Tuesday, March 18, 2008

Jonah Don’t Preach

Regardless of what Barack Obama heard in church or what he will say today regarding his former pastor and race in America today, Jonah Goldberg is in no position to dictate to him the terms by which he should speak or run for president.

Barack Obama will reportedly give a major speech this morning at the National Constitution Center in Philadelphia, addressing the controversy about his extremist pastor, the Rev. Jeremiah A. Wright Jr.

Obama needs to do two things. First, he needs to make it incandescently clear that Wright doesn’t speak for him in any meaningful way. If he won’t do that, his campaign is a fraud and he is not qualified to be president.

Second, he needs to explain to black America why Wright’s views are so poisonous.

[…]

Obama’s power base is made up of black voters and the upscale left-wingers who condescend to them. Well, it is time he spoke truth to that power. If the eloquent, self-proclaimed truth-teller and would-be first black president can’t manage that, he should go straight from would-be to never was.

Coming from someone who only rose to fame on the back of his mother’s poisonous behavior towards Bill Clinton and the fact that the presumptive nominee of the Republican party has yet to give a major speech addressing the views of his own controversial supporters such as John Hagee and Rod Parsley, perhaps he’d better read what Glenn Greenwald has to say about the matter.

The statement of Wright’s which seems to be causing the most upset … is his suggestion that there is a causal link between (a) America’s constant bombings of and other interference with Middle Eastern countries and (b) the willingness of some Middle Eastern fanatics to attack the U.S. Ever since the 9/11 attacks, we’ve been told that positing any such causal connection is a sign of vicious anti-Americanism and that all decent people find such questions despicable. This week we learned that no respectable person would subject his children to a pastor who espouses such hateful ideas.

But the idea that America deserves terrorist attacks and other horrendous disasters has long been a frequently expressed view among the faction of white evangelical ministers to whom the Republican Party is most inextricably linked. Neither Jerry Falwell nor Pat Robertson ever retracted or denounced their view that America provoked the 9/11 attacks by doing things to anger God. John Hagee continues to believe that the City of New Orleans got what it deserved when Katrina drowned its residents and devastated the lives of thousands of Americans. And James Inhofe — who happens to still be a Republican U.S. Senator — blamed America for the 9/11 attacks by arguing in a 2002 Senate floor speech that “the spiritual door was opened for an attack against the United States of America” because we pressured Israel to give away parts of the West Bank.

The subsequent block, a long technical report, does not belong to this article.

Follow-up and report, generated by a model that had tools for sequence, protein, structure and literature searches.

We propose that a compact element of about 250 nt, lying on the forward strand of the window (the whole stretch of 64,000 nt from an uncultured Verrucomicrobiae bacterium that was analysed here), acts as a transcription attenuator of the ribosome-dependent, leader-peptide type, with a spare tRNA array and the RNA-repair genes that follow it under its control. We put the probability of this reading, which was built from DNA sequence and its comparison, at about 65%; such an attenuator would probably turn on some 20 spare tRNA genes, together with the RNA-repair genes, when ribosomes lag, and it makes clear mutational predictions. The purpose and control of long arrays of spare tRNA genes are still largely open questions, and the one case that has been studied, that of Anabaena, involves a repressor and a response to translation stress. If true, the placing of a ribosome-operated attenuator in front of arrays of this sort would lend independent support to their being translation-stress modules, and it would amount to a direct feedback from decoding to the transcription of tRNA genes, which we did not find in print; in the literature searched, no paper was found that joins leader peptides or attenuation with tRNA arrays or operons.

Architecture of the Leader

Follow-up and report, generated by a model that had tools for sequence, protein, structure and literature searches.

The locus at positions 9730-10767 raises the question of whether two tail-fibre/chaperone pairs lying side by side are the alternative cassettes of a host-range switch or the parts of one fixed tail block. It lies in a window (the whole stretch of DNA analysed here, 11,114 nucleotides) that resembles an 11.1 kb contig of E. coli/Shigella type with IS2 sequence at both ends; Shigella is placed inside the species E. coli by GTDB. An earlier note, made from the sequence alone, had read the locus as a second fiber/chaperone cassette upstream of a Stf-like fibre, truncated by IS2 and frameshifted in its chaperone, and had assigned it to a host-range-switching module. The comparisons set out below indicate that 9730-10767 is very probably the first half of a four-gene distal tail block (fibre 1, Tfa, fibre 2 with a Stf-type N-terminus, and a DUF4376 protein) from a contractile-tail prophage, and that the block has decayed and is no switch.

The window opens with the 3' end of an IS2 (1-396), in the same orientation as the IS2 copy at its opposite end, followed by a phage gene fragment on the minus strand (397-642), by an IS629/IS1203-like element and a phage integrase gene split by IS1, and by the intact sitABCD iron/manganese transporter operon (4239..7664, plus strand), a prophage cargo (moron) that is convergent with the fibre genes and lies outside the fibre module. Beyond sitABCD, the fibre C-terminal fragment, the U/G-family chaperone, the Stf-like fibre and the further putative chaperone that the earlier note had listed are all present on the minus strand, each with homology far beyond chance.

The phrases “anti-American” and “America-haters” are among the most barren and manipulative in our entire political lexicon, but whatever they happen to mean on any given day, they easily encompass people who believe that the U.S. deserved the 9/11 attacks, devastating hurricanes and the like. Yet when are people like Falwell, Robertson, Hagee, Inhofe and other white Christian radicals ever described as anti-American or America-hating extremists? Never — because white Christian evangelicals who tie themselves to the political Right are intrinsically patriotic.

[…]

The Republican Party long ago adopted as a central strategy aligning itself with, and granting great influence to, the most radical, “America-hating” white evangelical Christian ministers in the country. They’re given a complete pass on that because political orthodoxy mandates that white evangelical Christian ministers are inherently worthy of respect, no matter how extreme and noxious are their views. That orthodoxy stands in stark contrast to the universally enraged reaction to a few selected snippets from the angry rantings of a black Christian Minister. What accounts for that glaring disparity?

The disparity comes because the white right-wing evangelicals have placed the blame for hatred on groups of people that it’s still acceptable to hate — gays and Muslims — and they call it God’s wrath, thereby removing themselves from the equation. They don’t preach the hate, they say; they’re just reporting the truth, so they get a free pass on all of it. As for the political insulation, the Republicans know that these Christianists control a substantial GOP voting bloc, so they dare not disassociate themselves from them for fear of losing their support in the elections.

And of course it also comes down to the foundation of right-wing politics: It’s Okay If You’re A Republican. You can’t even get into the party until you’ve proven beyond all doubt that you can be a hypocrite and hold everyone else up to standards which you don’t even recognize. (Case in point: Sen. David Vitter (R-LA) who says that there’s an enormous difference between him and Eliot Spitzer and their patronizing prostitutes: for instance, their stand on illegal immigration.) And as long as you can pull it off with a straight face and not even a tinge of shame or irony, you too can dictate terms to the other guy.